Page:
Justia West Virginia Supreme Court of Appeals Opinion SummariesArticles Posted in Family Law
A.A. v. S.H.
The Supreme Court vacated the order of the family court granting Grandmother permanent guardianship of B.A., holding that the family court lacked jurisdiction to hear this case. Grandmother filed a motion for emergency order of guardianship in the family court noting that Mother was incarcerated and arguing that it was in the best interests of B.A. for her to be appointed guardian. The family court eventually entered a final order appointing Grandmother as B.A.'s guardian. Mother later filed a motion to modify and/or terminate the guardianship order, arguing that she had a material change in circumstances because she had been released from jail. The family court denied the motion. The Supreme Court vacated the family court's order, holding (1) in light of the allegations of neglect made by Grandmother and B.A.'s need for permanency, both Mother's and Father's parental rights needed to be ascertained by the circuit court under the standards set forth in chapter 49 of the West Virginia Code and the clear and convincing evidence standard articulated in West Virginia Rules of Practice and Procedure for Family Court 48a(a); and (2) therefore, the family court was divested of subject matter jurisdiction in this case. View "A.A. v. S.H." on Justia Law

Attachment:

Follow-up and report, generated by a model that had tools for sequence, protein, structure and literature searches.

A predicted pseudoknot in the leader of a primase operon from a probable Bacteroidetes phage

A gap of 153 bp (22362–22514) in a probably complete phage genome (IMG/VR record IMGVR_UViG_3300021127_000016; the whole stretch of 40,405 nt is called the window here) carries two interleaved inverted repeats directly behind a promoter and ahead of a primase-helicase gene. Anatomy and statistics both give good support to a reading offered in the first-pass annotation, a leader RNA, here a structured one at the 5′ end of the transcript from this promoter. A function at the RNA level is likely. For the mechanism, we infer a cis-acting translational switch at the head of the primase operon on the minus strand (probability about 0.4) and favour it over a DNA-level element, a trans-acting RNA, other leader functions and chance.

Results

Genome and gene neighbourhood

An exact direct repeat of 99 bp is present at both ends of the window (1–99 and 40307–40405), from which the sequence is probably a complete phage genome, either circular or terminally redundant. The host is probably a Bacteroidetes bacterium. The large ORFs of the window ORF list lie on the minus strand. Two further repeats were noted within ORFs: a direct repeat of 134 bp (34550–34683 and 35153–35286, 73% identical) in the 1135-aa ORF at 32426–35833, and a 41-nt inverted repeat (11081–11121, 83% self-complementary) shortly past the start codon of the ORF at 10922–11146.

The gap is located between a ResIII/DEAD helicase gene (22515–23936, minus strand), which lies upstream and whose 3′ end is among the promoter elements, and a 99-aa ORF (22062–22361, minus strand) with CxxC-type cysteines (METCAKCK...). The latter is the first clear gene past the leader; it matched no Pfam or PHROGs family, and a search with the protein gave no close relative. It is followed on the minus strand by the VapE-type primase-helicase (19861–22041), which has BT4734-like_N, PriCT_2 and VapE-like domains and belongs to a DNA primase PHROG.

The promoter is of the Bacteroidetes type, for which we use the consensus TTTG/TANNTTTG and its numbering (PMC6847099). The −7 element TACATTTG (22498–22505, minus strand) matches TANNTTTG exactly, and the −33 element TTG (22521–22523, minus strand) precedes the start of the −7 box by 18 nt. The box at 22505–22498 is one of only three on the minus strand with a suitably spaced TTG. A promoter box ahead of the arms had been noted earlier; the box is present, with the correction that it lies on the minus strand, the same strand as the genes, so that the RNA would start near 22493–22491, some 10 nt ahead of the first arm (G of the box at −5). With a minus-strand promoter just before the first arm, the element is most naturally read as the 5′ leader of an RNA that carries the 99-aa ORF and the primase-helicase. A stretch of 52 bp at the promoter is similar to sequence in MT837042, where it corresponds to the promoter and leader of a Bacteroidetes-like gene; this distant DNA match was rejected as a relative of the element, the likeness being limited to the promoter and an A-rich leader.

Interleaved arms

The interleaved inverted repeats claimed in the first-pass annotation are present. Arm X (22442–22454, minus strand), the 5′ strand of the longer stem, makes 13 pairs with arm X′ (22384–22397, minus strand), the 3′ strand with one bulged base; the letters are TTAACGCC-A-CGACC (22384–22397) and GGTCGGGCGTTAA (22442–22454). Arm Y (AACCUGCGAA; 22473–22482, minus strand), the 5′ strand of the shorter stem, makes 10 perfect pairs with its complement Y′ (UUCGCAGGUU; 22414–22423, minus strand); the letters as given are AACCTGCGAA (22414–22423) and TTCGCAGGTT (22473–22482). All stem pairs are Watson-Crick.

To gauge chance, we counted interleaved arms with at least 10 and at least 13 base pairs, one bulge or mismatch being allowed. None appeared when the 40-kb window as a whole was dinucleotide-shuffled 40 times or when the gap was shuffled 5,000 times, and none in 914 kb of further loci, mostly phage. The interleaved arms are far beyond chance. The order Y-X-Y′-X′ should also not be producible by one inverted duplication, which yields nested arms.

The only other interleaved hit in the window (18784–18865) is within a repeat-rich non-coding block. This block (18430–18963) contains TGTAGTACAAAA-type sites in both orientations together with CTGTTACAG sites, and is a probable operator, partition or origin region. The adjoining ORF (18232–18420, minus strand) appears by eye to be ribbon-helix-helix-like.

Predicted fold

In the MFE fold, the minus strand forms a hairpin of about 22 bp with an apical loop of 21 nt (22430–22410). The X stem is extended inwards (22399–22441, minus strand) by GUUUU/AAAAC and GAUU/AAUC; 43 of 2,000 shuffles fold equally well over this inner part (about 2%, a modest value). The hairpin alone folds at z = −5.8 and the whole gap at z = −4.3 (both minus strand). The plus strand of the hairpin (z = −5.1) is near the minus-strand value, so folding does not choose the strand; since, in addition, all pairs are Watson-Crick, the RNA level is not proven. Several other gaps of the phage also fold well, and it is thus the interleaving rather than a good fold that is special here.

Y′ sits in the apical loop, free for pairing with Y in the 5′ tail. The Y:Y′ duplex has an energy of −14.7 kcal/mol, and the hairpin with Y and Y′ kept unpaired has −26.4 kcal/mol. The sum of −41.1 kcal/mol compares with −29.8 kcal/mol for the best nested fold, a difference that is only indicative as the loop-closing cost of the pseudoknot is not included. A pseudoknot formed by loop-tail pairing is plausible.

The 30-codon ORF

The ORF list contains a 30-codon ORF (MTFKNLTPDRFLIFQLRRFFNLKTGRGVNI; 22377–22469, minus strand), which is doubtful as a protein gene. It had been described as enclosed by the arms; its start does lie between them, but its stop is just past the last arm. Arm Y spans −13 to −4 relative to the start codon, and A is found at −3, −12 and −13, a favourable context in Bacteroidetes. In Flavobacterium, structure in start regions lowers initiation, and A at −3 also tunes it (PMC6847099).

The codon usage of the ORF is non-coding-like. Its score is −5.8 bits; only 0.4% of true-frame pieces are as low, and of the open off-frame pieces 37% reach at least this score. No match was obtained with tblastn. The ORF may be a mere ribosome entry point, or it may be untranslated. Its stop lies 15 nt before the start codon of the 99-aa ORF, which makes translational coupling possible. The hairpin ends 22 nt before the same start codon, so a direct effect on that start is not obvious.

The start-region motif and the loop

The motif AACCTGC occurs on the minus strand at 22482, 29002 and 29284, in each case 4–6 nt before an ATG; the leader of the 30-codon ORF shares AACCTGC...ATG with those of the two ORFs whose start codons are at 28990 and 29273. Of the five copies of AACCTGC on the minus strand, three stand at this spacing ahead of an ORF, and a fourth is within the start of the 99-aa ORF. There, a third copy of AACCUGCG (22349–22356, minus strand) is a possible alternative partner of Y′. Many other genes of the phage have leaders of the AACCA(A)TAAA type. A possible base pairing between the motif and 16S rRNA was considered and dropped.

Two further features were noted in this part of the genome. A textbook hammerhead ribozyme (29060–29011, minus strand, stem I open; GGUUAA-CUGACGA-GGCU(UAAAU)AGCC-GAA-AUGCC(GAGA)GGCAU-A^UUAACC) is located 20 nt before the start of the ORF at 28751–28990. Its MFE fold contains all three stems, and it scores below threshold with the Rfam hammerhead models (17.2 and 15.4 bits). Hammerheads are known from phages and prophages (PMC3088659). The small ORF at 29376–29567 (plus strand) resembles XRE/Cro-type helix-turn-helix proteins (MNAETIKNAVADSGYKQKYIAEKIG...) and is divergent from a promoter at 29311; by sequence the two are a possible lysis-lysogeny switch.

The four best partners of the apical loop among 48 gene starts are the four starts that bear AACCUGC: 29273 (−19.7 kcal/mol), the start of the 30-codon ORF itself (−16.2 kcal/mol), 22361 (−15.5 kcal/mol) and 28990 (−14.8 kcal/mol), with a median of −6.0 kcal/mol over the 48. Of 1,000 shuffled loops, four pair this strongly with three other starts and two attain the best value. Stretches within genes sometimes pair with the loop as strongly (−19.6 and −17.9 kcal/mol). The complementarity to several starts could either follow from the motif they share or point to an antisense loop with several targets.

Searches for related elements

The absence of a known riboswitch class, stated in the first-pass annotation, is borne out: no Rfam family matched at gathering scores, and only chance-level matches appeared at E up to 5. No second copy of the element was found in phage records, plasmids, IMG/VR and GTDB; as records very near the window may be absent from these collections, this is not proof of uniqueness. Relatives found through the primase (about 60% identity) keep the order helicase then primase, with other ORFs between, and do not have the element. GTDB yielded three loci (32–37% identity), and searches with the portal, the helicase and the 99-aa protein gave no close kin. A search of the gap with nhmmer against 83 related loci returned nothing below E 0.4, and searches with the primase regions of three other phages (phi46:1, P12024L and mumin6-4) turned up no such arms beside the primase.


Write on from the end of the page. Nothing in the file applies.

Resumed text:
State ex rel. West Virginia Department of Health & Human Services v. Honorable Lora A. Dyer
The Supreme Court granted a writ of prohibition requested by Petitioners, West Virginia Department of Health and Human Resources (DHHR) and guardian ad litem of six minor children, seeking to prohibit the circuit court from granting a post-adjudicatory improvement period to Respondents, the children's parents, holding that the circuit court committed a clear legal error. DHHR filed an abuse and neglect petition requesting emergency custody due to the threat of imminent danger to Respondents' five adopted children and one foster child. The circuit court entered an order adjudicating Respondents as abusive. The DHHR subsequently sought termination and the guardian ad litem recommended termination and that post-dispositional improvement periods be denied. The circuit court, however, granted Respondents a six-month post-adjudicatory improvement period. This writ of prohibition followed. The Supreme Court granted the writ, holding that the circuit court misapprehended the evidence, failed to consider probative evidence, and failed to consider the best interests of the children. The Court remanded the case to the circuit court for entry of an order terminating Respondents' custodial and parental rights. View "State ex rel. West Virginia Department of Health & Human Services v. Honorable Lora A. Dyer" on Justia Law
Heather M. v. Richard R.